—Vicki Burkhart
Executive Director
Kids’ Chance of America

 

“New Kids’ Chance organizations in their infancy may be awarding one or two scholarships a year, while some of our large states are awarding up to 50, 60 and even more than 100 a year,” says Genheimer. “In total we’ve given over 6,000 scholarships since the beginning of Kids’ Chance. They tend to have a lot of similarities, but each state dictates its own scholarship program.”

Each state also regulates the age requirements and educational institution types to meet the availability criteria.

“In North Carolina, secondary undergraduate institutes and vocational/technical schools—including medical technology and ministry studies—are accepted into our program,” Genheimer explains. “The length of time that the student is in our scholarship program also varies depending on the duration of their school experience. We had a kid who began in community college, and the scholarship supported them into the start of their master’s program.”

As for the age range, “In North Carolina, eligibility is for ages 16 to 25,” she continues. “The ‘kids’ may be older. They might be caretakers of the parent, or there might be a delay with them going to school.”

Spreading the word

To kick off their application season, Kids’ Chance of America throws an Awareness Week in late November. Approaching the fourth year of the event, Awareness Week increases the visibility of the organization through multiple fundraising efforts.

“Our state organizations and supporters across the nation join together to celebrate Kids’ Chance and build awareness to ensure that we can reach more kids in the future,” Genheimer says. “There are a lot of grassroots efforts taking place and activities on social media.”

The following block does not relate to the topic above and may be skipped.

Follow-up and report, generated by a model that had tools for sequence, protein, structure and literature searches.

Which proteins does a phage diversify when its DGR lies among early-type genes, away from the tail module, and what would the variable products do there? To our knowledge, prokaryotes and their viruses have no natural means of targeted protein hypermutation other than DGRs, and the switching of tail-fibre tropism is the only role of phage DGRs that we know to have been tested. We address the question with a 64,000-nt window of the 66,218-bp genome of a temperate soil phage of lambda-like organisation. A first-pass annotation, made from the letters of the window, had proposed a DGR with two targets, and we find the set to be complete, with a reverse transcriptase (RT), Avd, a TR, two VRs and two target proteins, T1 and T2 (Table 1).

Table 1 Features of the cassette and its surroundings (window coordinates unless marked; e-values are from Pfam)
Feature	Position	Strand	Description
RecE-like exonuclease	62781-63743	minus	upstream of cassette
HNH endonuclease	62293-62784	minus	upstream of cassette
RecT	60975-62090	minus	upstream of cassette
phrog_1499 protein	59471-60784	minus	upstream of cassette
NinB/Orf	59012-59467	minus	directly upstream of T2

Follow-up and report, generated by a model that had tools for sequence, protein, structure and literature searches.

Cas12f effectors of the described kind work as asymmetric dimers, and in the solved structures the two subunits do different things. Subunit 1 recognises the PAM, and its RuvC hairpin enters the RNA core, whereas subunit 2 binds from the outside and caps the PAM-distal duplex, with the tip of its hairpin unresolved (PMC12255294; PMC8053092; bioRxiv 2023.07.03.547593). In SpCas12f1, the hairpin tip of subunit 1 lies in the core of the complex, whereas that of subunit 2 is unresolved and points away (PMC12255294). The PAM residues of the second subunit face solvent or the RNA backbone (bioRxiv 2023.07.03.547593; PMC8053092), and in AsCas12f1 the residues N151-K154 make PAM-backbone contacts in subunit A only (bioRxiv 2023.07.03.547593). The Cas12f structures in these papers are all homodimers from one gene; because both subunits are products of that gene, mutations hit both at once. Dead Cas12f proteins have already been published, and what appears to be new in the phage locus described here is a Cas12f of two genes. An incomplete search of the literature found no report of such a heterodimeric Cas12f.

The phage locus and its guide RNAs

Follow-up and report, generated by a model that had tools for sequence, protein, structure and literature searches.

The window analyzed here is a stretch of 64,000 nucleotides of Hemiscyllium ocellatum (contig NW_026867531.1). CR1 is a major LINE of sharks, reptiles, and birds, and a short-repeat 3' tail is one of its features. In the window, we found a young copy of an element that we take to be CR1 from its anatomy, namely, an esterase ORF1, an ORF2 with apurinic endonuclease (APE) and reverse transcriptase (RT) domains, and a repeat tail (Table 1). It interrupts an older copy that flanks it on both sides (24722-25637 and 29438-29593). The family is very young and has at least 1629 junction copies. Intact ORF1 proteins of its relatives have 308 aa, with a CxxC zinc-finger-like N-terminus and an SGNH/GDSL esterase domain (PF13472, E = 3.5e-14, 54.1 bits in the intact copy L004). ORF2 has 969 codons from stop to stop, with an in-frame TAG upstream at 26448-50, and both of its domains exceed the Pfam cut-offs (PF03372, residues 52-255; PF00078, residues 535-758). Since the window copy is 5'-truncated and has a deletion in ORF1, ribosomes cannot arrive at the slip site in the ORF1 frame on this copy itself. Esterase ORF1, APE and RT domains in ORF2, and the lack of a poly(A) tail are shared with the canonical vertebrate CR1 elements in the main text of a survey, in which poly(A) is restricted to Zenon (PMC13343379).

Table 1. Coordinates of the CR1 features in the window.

“As the organization continues to grow, it gets more and more dispersed,” adds Burkhart. “Awareness Week achieves one loud blast of noise to make everyone nationwide realize the depth of the organization.

“We provide tool kits and promotional materials to each of our state organizations and our major partners. We encourage them to plan activities within that week.

“Companies sponsor ‘dress down’ days and pizza days, where the dollars for each slice go to Kids’ Chance. One group did a singing commercial on the local radio station in the morning, and it was promoted throughout the day. Several groups will do an activity with their scholarship recipients, whether it’s a luncheon or an event at the governor’s mansion. One of our partners  has an activity every day during Awareness Week.”

“Our national partners are absolutely critical to our mission,” adds Genheimer. “Their support has allowed Kids’ Chance of America to build more resources to support state organizations and plan for the future.”

The “Planning for the Future” initiative is designed to reach potential applicants who are not yet of college age. Identified future students’ information will be collected and stored in a database, and communications will begin when the time comes for them to consider pursuing higher education.

“For example, an injury could occur today to a family that has a 5-year-old child,” Genheimer explains. “How does that child connect with Kids’ Chance 10 years from now? The database will allow Kids’ Chance of America to connect the child with their state organization when they become of age to receive the scholarship.”